Sunday, August 16, 2009

Slimminge Skördag - Harvest Festival We live in the south of Sweden, which is a great area with two decent size cities- Lund, an old University Town, and Malmö, an urban center. Plus, we are not all that far from the Capital of Denmark, Copenhagen. But the most notable thing living outside the cities in Skåne is that we are in farm land. Driving to either city means driving past farms with fields of grain and little red barns. The cycles of the growing season are very apparent. We notice the planting, sprouting, and harvesting of the fields around us as a simple fact of our life, in a way it was not part of life in Florida. It is also notable how all the farms seem to be family farms. There is an absence of Conagra mega farms, and there must be policies in place that support small farms. This is so wonderful to see, coming from the USA where Willie Nelson and others have to raise funds for Farm Aid (link) with benefit concerts to try to save the American small family farms. So many have been lost due to poor political policies that favor agribusinss to the detriment of the small farms. Anyway, now summer is peaking, we have been watching the big harvest machines go to work making bales and harvesting the grains. So we thought it would be fun to check out what the farmers are up to by going to the Harvest festival/ Skördag in the small old farming village of Slimminge. It was a rainy day, but we headed out anyway. Slimminge is a very small village, set amongst the rolling hills of Skåne. The view from the festival over the hill tops was lovely. We parked in a harvested wheat filled on the stumble of the straw. There were threshing demonstrations, where they showed how the wheat was cut in the old times by hand with a scythe. Then it was carried by the horse drawn cart over to the old fashioned steam engine powered machine that extracted the grain from the straw.

We got a ride in the horse drawn cart while they carried the wheat bundles from the harvest field over to the threshing machine. The cart was loaded with fresh cut wheat.

The horses pulled our cart

The wheat was hoisted up and loaded into the steam powered machine

And out came husked wheat on one end wheat

Wheat Berries

And Bales of Hay on the Other End and Isn't that guy a dead ringer for Pettersson from Pettersson and Findus? Here is a little video of the process

After the horses were unharnessed from the cart, SwedeGirl got to go for a horse ride There were various old engines and farm equipment on display, and a number of old grinding stones.
The old spelling of Simrishamn, with a 'C', Cimbrishamn, the largest village near SwedeDaddy's childhood home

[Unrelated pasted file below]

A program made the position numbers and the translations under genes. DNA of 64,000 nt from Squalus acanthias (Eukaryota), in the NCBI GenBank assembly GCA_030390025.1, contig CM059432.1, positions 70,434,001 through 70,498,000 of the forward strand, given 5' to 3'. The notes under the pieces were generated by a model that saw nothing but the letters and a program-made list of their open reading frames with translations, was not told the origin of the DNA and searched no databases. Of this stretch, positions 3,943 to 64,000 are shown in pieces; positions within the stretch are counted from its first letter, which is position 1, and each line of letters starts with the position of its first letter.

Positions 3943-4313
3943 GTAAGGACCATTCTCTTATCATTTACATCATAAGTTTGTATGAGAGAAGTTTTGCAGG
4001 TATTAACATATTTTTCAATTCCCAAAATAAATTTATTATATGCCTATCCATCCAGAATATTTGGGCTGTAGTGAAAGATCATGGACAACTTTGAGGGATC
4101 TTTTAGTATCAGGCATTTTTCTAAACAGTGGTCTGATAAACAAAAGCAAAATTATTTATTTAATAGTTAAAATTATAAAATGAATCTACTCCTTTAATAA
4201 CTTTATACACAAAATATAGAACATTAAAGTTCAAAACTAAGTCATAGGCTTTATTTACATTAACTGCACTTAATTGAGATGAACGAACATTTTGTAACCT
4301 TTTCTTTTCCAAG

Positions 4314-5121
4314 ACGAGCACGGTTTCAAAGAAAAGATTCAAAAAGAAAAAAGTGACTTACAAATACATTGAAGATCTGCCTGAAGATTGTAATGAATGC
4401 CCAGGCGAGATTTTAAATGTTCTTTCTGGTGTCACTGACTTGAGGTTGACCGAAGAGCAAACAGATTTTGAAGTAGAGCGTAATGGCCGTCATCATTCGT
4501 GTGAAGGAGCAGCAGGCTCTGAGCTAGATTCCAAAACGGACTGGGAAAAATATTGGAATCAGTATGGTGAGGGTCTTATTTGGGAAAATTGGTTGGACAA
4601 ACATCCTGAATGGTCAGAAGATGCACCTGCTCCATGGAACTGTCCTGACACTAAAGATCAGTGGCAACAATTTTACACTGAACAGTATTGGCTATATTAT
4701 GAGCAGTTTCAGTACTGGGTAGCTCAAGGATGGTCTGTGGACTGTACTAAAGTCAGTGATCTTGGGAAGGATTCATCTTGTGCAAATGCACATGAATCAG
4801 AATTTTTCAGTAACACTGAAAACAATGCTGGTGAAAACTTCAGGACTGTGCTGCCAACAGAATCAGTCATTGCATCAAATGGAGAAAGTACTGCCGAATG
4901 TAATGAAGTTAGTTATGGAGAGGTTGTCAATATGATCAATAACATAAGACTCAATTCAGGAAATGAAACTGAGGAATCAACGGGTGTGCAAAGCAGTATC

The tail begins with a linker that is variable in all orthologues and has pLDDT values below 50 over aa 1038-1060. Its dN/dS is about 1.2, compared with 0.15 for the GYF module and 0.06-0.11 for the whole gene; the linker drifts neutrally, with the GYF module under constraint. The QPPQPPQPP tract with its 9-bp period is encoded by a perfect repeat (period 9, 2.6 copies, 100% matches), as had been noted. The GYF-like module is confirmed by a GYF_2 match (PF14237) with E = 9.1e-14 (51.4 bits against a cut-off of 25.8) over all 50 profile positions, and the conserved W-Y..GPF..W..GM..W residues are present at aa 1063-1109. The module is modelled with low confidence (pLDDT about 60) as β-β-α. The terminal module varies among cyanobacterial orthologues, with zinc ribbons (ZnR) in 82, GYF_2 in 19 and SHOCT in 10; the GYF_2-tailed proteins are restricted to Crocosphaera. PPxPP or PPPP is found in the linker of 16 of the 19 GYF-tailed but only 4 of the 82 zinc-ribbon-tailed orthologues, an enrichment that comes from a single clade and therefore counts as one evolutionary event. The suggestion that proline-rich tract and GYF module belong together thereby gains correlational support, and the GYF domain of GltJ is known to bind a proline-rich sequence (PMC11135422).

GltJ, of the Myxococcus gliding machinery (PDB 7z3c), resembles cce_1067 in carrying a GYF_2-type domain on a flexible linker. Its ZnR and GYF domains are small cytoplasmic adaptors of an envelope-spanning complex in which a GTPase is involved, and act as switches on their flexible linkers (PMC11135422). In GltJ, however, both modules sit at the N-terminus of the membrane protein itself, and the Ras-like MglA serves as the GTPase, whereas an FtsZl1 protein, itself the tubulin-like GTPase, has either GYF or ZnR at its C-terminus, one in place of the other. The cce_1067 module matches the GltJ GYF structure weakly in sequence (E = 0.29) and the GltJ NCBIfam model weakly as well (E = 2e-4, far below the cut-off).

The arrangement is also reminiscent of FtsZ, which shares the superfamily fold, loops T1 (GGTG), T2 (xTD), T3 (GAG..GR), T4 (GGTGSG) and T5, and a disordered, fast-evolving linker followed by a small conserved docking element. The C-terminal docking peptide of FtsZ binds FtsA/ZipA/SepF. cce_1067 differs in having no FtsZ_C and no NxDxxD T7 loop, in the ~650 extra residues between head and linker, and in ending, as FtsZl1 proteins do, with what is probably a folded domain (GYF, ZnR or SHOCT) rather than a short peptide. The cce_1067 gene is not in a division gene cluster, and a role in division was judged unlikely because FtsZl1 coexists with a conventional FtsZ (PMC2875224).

Now a days things are done more efficientlyThe festival had a small collection of tents with local vendors, a bouncy house, and food.
This was the competition for strongest man and woman. They were cheering this woman on, in the competition of who could hold the buckets up the longest. This vendor was selling linen, and demonstrating how the bundles of raw linen are crushed, combed, and spun into thread. This fellow makes brushes from animal hair. This little brush is made from human hair, just for fun. Most of his bristles are made from goat and horse hair. We met a woman who keeps 35 angora bunnies. They keep escaping and breeding, and they are so cute she just keeps them all. She uses the fur to spin yarn and make felted angora crafts. These were so soft! We bought these little bunnies from her to give Swedegirl's teachers from last year. We wanted to give them a little gift, toys for the classroom, as a thank you when we see them this week at the back to school fika/ coffee. And there was food...Fresh and varied tomatoes, my favorite! The typical Swedish fresh produce selection- roots. A variety of onions, potatoes, carrots, and beets. The apples are coming in! These fresh tart ones were just 1 kronor each.

The BBQ- they went WHOLE HOG. Of course we had some, the smoked pork and ribs were served with apple sauce and this super creamy pineapple relish. And this lady was demonstrating how to make the traditional Spettkak over a cast iron stove. Spettkak means 'spit cake' since it is made on a spit like this. It is like meringue, and made of eggs, potato flour, and sugar. We tried some of this, too. She had some interesting artwork in her tent, including this painting of Nils Holgerssons, a character in a famous children's story intended to teach geography, about his travels on the back of a goose across Sweden after he is shrunk to leprechaun size. Since we have been trying our hand at baking bread this summer, this trip to the harvest festival tied together the process and source of our 'daily bread'. We are grateful to the farmers. And to Sweden for it's support of the small family farmers. There is so clearly a long tradition and deep knowledge of how to work the land here. We were glad to honor their efforts by learning a bit about their work at the festival.


Rose said...

I know I've said it before, but oh my god, I LOVE YOU, SWEDEN!!!

I was just doing some work with M and one of the things I saw was a beautiful wheat field in Kansas. Looks like the universe is trying to tell me something about wheat right now!

Kangaroo said...

wow. your photos on this post are the angora bunnies and fresh tomatoes... love that the girl is experiencing this... love you!